For those intrepid travellers or those that like to go to destinations that others have trouble finding on a map, Mozambique must be on their agenda. The long and bloody civil war ended in 1992 and the country is slowly recovering. With 2500 kms of pristine Indian Ocean coastline and countless coral islands as an asset, the Government is looking to Ecotourism to bring in much needed foreign currency and investment. But even more importantly, the people will give you a warm welcome that is genuine. The food, particularly seafood, is fresh and excellent. Mozambique must be the spiritual home and capital of Peri Peri sauce. The coral reefs are pristine, the bird life spectacular and the wildlife in the National Parks slowly recovering from the decimation of the war.
Before the civil war, Mozambique was considered one of the best wildlife experiences in the whole of Africa. Concerted efforts are being made to return these to their former glory, but this time with the help and collusion of the indigenous people. It is probably too soon to see the mainland as a safari destination (Tanzania and South Africa are a short flight away for this experience), but as a beach experience it has few rivals.
The history of Mozambique is one of foreign powers seeking to dominate and exploit the country. Each has left its mark, particularly in the architecture of the towns and city. It is possible in places like Ibo Island to find Arab, Indian, French, British, Dutch and Portuguese buildings in a small town. Many of the buildings are in need of renovation, giving the places an air of tropical decay. However the work has started and old skills are being relearned.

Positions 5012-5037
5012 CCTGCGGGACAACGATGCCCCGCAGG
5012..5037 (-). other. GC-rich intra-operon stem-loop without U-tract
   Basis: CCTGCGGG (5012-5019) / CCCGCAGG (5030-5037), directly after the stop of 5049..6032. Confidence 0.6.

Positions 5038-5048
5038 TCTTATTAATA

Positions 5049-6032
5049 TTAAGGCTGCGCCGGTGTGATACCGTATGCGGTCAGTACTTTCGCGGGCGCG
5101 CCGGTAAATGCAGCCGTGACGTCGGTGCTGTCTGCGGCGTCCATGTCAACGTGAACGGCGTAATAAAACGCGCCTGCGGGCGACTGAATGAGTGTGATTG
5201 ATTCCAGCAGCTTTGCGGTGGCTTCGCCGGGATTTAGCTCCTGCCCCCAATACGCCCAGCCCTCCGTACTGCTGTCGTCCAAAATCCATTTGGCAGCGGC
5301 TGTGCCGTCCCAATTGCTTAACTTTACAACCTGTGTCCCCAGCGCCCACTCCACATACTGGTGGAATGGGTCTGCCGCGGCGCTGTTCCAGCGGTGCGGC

The country can be divided in to three main destinations from the tourist’s point of view:-
First Maputo, the capital, and the coast south to the South African border. The capital is full of atmosphere and charm and is well worth a day or two to explore. The old city is full of colonial style buildings with wide boulevards. Eiffel designed some of the buildings, such as the Central Railway Station. Travelling south the coast is silver sands and delightful – the only point to remember here is that is well worth avoiding this part during South African school holidays as it becomes very busy.
One thousand kms north of Maputo is the Bazaruto Archipelago. Much of this area is a National Park and the islands are just as you would have imagined Robinson Crusoe to have existed upon. The diving here is spectacular with the chance of seeing dolphins, turtles, humpback whales (at the right time of year) or even the rare dugong. Even further north the dives in the Tofu area are considered the best in the world to see manta rays and whale sharks. Most of the accommodation here is based on the islands and has been built with the aim of impacting as little as possible on the ecosystem.
Then right up in the north of Mozambique and close to the border with Tanzania is the area known as the Quirimbas. Sustainable tourism has been encouraged here bringing much needed work and money to a backwater in one of the world’s poorest countries. There is some development around Pemba on the mainland and more especially on several of the islands. These have lodges or historic building conversions of the highest quality. Much of the activities in all these locations are water based such as diving, snorkelling, sailing, kayaking with a guide through mangrove swamps or sports fishing. Alternatively, just doing next to nothing on a beach, with only the occasional other person on it, is very much a way of life.
There are no direct flights from the UK to Mozambique but access via Nairobi, Dar es Salaam or Johannesburg with various airlines has made these destinations a reality. This is a wonderful destination after a safari or as a holiday in its own right.
Visit before it becomes the “in” place.